Flatmates can fight over hundreds of different things. Quiet hours, guests, cleanliness and the use of personal possessions are just a few common topics on which flatmates disagree and therefore may argue. For the most part these squabbles either correct themselves or they blow over and are forgotten. But what happens if a disagreement doesn't just disappear? For some flatmates, seeking mediation with a neutral third party may be an option.
Disputes can arise over anything, especially something that one flatmate thinks is relatively minor but means quite a lot to the other. In most cases these disputes can be solved when everyone involved remains calm. There's no point in screaming at each other - when flatmates are worked up to the point of rage it means that no one is in a position to think rationally or make decisions. By discussing the dispute in private and trying to agree on a course of action for the future flatmates can help to ensure that the same disagreement does not occur over and over again.
When flatmates can't move past a dispute themselves it may be time to consider having a third party get involved. Mediators are generally trained facilitators who have no vested interest in the dispute but simply want to assist the parties involved in finding a viable solution. Mediators may be qualified solicitors or they may be professionals who have gone into business on their own. Strictly speaking a mediator may also be someone who is simply an uninvolved third party whether they are specially trained and professionally qualified for the task or not. Mediators should not be thought of as judges or juries, nor should they be expected to hand down any sort of judgement that must be accepted. Instead, mediators should be seen as assistants who want to help both parties move forward from any given dispute.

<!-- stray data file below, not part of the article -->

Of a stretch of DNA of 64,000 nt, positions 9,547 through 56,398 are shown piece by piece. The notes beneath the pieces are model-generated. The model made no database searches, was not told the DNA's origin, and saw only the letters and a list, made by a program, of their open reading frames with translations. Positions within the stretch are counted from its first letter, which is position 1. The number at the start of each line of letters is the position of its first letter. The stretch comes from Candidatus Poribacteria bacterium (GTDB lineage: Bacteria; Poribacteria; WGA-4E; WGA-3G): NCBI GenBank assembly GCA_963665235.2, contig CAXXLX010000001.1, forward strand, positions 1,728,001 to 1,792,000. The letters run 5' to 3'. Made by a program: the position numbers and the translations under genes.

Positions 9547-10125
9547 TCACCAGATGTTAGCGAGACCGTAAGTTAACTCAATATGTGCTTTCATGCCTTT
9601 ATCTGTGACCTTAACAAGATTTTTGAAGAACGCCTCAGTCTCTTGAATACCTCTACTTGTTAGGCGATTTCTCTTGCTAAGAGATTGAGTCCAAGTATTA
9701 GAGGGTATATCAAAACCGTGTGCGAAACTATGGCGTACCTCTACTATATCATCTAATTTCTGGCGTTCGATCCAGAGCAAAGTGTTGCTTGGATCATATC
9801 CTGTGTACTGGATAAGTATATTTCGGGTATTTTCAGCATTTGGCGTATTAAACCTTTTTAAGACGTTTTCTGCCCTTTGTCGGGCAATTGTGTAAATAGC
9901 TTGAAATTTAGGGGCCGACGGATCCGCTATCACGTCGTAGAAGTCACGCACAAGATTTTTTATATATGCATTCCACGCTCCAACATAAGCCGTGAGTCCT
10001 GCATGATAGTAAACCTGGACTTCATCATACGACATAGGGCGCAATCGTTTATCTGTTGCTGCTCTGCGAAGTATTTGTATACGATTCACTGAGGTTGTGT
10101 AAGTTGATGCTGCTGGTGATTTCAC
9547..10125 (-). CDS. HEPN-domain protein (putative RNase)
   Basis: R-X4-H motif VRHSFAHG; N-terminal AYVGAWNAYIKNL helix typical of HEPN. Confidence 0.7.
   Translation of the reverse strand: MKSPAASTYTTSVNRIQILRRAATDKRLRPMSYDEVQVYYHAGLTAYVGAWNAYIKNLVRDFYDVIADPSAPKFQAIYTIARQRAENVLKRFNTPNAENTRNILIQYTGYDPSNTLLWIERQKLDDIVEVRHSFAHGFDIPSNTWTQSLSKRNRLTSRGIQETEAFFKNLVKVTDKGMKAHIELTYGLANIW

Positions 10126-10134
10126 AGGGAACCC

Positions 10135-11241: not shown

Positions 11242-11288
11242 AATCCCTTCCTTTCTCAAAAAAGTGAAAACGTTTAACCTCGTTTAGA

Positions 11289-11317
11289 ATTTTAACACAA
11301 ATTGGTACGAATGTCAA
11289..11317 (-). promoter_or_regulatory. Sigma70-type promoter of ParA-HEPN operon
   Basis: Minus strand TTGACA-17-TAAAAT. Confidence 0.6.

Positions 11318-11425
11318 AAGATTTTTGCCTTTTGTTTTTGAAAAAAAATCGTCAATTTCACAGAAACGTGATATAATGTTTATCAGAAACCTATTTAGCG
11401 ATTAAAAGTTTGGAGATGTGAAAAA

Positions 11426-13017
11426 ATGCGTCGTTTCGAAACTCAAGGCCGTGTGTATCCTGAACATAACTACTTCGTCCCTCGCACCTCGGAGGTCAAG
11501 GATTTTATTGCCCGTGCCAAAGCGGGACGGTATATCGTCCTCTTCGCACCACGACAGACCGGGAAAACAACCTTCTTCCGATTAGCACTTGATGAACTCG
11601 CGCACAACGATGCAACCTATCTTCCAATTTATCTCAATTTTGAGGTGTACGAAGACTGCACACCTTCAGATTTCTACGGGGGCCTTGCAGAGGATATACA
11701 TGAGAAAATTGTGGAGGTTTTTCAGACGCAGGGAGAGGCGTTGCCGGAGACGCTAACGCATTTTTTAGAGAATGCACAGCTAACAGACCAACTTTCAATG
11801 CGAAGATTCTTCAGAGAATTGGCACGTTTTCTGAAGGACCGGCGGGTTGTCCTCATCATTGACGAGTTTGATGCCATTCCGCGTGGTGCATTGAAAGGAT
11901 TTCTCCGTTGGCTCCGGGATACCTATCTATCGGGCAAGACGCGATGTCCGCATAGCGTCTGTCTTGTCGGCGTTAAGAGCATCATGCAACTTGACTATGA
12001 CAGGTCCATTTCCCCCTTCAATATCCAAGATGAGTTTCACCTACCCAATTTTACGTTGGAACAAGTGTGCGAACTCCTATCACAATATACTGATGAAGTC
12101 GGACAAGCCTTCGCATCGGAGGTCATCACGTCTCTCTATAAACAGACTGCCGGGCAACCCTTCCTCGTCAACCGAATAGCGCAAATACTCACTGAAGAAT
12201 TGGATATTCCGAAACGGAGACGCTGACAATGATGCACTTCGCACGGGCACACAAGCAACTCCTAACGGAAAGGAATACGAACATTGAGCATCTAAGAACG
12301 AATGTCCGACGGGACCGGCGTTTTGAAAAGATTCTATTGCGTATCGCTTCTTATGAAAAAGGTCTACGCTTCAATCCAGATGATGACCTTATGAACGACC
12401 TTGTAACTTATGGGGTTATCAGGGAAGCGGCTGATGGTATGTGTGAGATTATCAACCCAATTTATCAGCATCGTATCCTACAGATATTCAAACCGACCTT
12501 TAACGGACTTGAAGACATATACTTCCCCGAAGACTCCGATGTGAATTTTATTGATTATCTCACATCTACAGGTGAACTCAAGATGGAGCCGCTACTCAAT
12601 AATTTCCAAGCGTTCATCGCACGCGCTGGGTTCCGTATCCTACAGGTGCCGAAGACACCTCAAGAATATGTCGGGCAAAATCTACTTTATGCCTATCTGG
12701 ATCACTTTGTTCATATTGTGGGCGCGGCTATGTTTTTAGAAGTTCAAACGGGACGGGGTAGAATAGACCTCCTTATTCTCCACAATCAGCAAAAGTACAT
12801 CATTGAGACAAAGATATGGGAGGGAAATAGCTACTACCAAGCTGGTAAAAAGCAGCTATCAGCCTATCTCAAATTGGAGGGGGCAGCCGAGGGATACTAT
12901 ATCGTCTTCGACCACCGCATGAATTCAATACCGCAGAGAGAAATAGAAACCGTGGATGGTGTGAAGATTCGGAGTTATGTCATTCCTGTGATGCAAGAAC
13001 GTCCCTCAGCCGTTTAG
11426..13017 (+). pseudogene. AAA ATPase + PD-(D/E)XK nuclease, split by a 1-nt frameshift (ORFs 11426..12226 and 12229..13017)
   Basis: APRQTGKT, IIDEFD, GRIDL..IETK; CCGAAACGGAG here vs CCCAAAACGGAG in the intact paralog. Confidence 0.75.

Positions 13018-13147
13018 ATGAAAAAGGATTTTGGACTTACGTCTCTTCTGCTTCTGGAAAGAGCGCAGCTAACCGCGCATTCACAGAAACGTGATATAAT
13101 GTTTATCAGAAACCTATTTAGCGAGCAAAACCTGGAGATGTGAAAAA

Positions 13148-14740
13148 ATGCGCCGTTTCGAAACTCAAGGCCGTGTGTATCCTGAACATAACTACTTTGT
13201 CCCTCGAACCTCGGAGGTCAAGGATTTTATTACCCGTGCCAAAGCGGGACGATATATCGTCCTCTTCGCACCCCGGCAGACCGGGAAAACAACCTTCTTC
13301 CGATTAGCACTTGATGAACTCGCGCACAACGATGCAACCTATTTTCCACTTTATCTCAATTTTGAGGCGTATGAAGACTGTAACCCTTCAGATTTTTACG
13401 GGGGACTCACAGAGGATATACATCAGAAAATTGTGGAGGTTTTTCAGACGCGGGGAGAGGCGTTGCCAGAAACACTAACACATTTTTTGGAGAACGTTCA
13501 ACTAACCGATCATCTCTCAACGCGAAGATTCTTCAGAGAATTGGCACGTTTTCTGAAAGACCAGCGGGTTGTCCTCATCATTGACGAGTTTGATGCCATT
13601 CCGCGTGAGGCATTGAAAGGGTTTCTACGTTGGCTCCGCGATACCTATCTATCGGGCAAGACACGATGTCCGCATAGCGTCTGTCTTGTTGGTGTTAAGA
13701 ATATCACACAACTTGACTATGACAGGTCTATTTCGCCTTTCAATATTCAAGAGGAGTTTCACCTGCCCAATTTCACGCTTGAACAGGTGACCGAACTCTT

What to Expect In Mediation
Mediation is similar to any business meeting. Both flatmates will be present and are usually encouraged to discuss the dispute as they see it. Both parties are free to leave the session at any time, and any agreements reached during the sessions are not necessarily legally enforceable unless contracts or other formal documents are signed. Mediation is not a time to lay blame, but rather to work through a compromise that will suit both flatmates. These sessions are always confidential, and flatmates should respect that whatever goes on in a mediation session should not be discussed later on with others. Only if there is a certain degree of trust and respect between everyone involved can mediation truly affect positive changes.
Mediation should probably be held as a last resort in regards to flatmate disputes, both because it may well require both flatmates to spend money and because waiting for an appointment may drag out the dispute. However, if it is believed that professional help is needed then contacting a solicitor or visiting the UK Mediation Directory (www.interdial.org.uk) will help flatmates determine which services they may need to help end their disputes.